Adventures in Zoetrope Animation

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First things first, remember when you got your mathematics tin set at school and you played with it all and thought I’ll never need this…’ well, if you want to have a go at making a zoetrope you’re going to need to fire up your math student brain, find a compass and remember what pi is!

you will need a compass

you will need a compass…

I am putting together a set of resources for an introduction to animation I will shortly be presenting, in line with the teaching course that I am currently studying for, and I wanted to get the students to create an animation and understand  keyframes, movement and persistence of vision (which means our brains see still images as moving).

Now in the short time I have, they won’t be able to create a full blown animation, so I’ll be guiding them through how to make a real basic staple of animation, a walkcycle, consisting of just 12 frames, running cyclically.

I don’t have a fancy animation rostrum hooked up to a massive projector or anything but need to be able to show the class the results, almost instantly, and I hit on the idea of putting those frames into a zoetrope viewing device, so that they can all have a go and see what happens with the movement they create.

Cutting the base

Cutting the base circle

I’m pretty handy with a scalpel so dug out some foamboard to make the basic structure of the zoetrope itself.

I started with the size of frame I wanted them to draw on becuase I didn’t want it to be too small an area, and then worked backwards, calculating a regular space in between and ended up with a strip 670mm long and 70mm tall.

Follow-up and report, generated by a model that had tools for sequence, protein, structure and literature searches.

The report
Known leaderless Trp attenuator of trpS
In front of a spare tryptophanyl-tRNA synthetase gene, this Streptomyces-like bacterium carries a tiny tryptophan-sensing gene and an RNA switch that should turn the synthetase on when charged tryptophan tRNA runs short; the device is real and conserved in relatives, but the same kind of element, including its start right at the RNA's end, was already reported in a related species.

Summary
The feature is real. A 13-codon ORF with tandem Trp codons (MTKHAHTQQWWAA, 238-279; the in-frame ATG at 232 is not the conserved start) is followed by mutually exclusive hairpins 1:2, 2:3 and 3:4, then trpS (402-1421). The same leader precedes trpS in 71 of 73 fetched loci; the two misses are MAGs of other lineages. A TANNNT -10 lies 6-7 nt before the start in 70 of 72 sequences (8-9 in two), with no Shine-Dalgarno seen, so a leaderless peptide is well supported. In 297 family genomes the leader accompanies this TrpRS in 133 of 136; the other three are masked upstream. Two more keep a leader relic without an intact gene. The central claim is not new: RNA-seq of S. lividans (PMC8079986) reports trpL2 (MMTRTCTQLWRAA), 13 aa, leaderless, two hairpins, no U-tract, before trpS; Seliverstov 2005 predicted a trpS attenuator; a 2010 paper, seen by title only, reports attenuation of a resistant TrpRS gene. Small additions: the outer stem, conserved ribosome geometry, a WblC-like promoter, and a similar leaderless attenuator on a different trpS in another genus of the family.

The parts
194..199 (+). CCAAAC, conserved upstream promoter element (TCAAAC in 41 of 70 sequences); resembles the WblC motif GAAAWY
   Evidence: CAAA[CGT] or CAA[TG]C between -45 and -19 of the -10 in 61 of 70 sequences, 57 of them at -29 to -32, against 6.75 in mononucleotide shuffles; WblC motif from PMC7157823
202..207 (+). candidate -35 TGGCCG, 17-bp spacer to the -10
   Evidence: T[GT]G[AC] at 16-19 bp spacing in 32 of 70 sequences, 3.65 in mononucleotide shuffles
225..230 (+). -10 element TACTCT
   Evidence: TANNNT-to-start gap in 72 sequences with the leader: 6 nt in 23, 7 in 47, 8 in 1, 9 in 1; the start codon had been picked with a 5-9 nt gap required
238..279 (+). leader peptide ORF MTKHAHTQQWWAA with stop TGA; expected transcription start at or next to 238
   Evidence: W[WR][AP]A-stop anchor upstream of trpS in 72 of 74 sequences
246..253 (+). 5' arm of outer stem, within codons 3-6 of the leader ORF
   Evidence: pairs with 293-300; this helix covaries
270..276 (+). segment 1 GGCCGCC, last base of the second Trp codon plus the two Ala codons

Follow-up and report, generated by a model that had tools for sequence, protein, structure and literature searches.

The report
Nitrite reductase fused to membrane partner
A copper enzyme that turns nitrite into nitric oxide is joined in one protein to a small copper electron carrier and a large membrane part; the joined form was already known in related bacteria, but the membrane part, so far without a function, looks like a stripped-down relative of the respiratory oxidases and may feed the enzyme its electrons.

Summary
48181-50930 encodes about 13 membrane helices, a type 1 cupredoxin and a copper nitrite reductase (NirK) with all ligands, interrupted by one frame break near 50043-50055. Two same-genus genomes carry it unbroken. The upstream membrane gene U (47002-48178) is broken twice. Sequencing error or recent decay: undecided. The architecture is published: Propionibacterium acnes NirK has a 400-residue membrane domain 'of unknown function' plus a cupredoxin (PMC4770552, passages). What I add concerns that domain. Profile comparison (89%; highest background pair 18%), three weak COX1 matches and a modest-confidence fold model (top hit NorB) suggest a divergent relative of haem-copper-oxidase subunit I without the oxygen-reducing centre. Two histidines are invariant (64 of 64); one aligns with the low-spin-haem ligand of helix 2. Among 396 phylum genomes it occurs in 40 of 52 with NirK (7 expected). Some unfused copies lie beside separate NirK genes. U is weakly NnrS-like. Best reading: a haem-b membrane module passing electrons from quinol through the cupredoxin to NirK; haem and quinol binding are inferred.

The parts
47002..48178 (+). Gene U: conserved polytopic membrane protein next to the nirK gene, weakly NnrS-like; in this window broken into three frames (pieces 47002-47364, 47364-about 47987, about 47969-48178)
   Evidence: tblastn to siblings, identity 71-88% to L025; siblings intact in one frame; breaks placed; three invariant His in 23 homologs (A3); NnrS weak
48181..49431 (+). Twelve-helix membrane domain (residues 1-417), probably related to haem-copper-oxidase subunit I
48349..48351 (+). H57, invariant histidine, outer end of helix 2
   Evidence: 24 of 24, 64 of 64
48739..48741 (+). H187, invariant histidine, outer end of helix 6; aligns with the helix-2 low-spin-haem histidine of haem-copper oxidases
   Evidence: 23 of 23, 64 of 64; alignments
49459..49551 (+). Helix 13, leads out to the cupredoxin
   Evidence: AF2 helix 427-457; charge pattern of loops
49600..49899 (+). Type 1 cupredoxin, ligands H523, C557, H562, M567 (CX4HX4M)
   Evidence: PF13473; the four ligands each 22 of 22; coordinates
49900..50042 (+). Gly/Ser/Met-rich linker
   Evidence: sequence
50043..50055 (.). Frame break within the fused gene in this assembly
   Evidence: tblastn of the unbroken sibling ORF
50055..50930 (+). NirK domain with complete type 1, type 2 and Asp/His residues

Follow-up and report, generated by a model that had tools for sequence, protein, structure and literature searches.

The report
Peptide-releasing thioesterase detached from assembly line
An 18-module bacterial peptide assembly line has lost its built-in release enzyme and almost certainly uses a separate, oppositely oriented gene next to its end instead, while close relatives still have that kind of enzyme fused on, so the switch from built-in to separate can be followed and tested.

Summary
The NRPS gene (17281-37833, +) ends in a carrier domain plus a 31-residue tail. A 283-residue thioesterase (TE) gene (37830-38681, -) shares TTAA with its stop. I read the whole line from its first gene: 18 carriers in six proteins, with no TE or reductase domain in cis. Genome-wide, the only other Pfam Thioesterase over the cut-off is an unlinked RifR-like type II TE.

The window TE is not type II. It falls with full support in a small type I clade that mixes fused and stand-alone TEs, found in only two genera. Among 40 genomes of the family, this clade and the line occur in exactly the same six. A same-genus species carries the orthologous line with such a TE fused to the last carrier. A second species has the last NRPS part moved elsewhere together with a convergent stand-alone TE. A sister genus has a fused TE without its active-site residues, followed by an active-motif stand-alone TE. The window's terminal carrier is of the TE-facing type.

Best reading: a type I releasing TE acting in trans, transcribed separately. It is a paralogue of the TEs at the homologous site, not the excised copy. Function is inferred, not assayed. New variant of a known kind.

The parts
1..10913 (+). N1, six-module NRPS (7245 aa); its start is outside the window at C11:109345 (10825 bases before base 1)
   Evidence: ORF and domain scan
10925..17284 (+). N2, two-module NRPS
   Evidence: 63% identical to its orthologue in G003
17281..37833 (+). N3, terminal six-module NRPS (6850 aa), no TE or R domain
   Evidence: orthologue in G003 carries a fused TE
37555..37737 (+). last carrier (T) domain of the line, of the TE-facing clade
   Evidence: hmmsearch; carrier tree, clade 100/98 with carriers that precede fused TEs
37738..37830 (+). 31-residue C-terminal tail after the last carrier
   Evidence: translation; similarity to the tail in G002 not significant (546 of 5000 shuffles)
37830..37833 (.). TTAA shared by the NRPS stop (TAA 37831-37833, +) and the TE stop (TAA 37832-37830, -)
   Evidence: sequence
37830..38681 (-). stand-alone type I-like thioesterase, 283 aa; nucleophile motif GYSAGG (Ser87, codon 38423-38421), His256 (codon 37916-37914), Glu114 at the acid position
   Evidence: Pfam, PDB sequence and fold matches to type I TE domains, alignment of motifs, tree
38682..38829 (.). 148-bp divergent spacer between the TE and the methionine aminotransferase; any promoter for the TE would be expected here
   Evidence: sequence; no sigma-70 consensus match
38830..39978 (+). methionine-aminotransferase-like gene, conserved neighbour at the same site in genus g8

This is where you need your pi and compass, take the 670 and divide it by pi to get the circumference of the circle you need for the base, divide this in half and set your pair of compasses up to draw your circle and cut!

Admittedly it didn’t quite fit on the first cut, I put this down to the very worn compasses that I managed to eventually find in my daughters room, under some books, but it was larger than needs be so I re-trimmed a slither and it fit!

Zoetrope and base now fitted after a little re-trim

Zoetrope and base now fitted after a little re-trim

Using a thin ribbon of double sided sticky tape around the bottom provided a good snug fit

Using a thin ribbon of double sided sticky tape around the bottom provided a good snug fit

The outside wall I add is 670mm x 140mm, laminated and cut, with the frames and slit marks printed on one side and all black on the outside so I have a register for my animation and a template to cut for the thin viewing holes.


You can see the slit holes have been cut out in this shot

I also needed to work out how to get it to spin, this was something I mulled over and looked at other ways to do it, but I didn’t have any ‘lazy susan’ bearings as one suggested and didn’t like the twizzle it in your hand method often used in other ‘how to’s’ .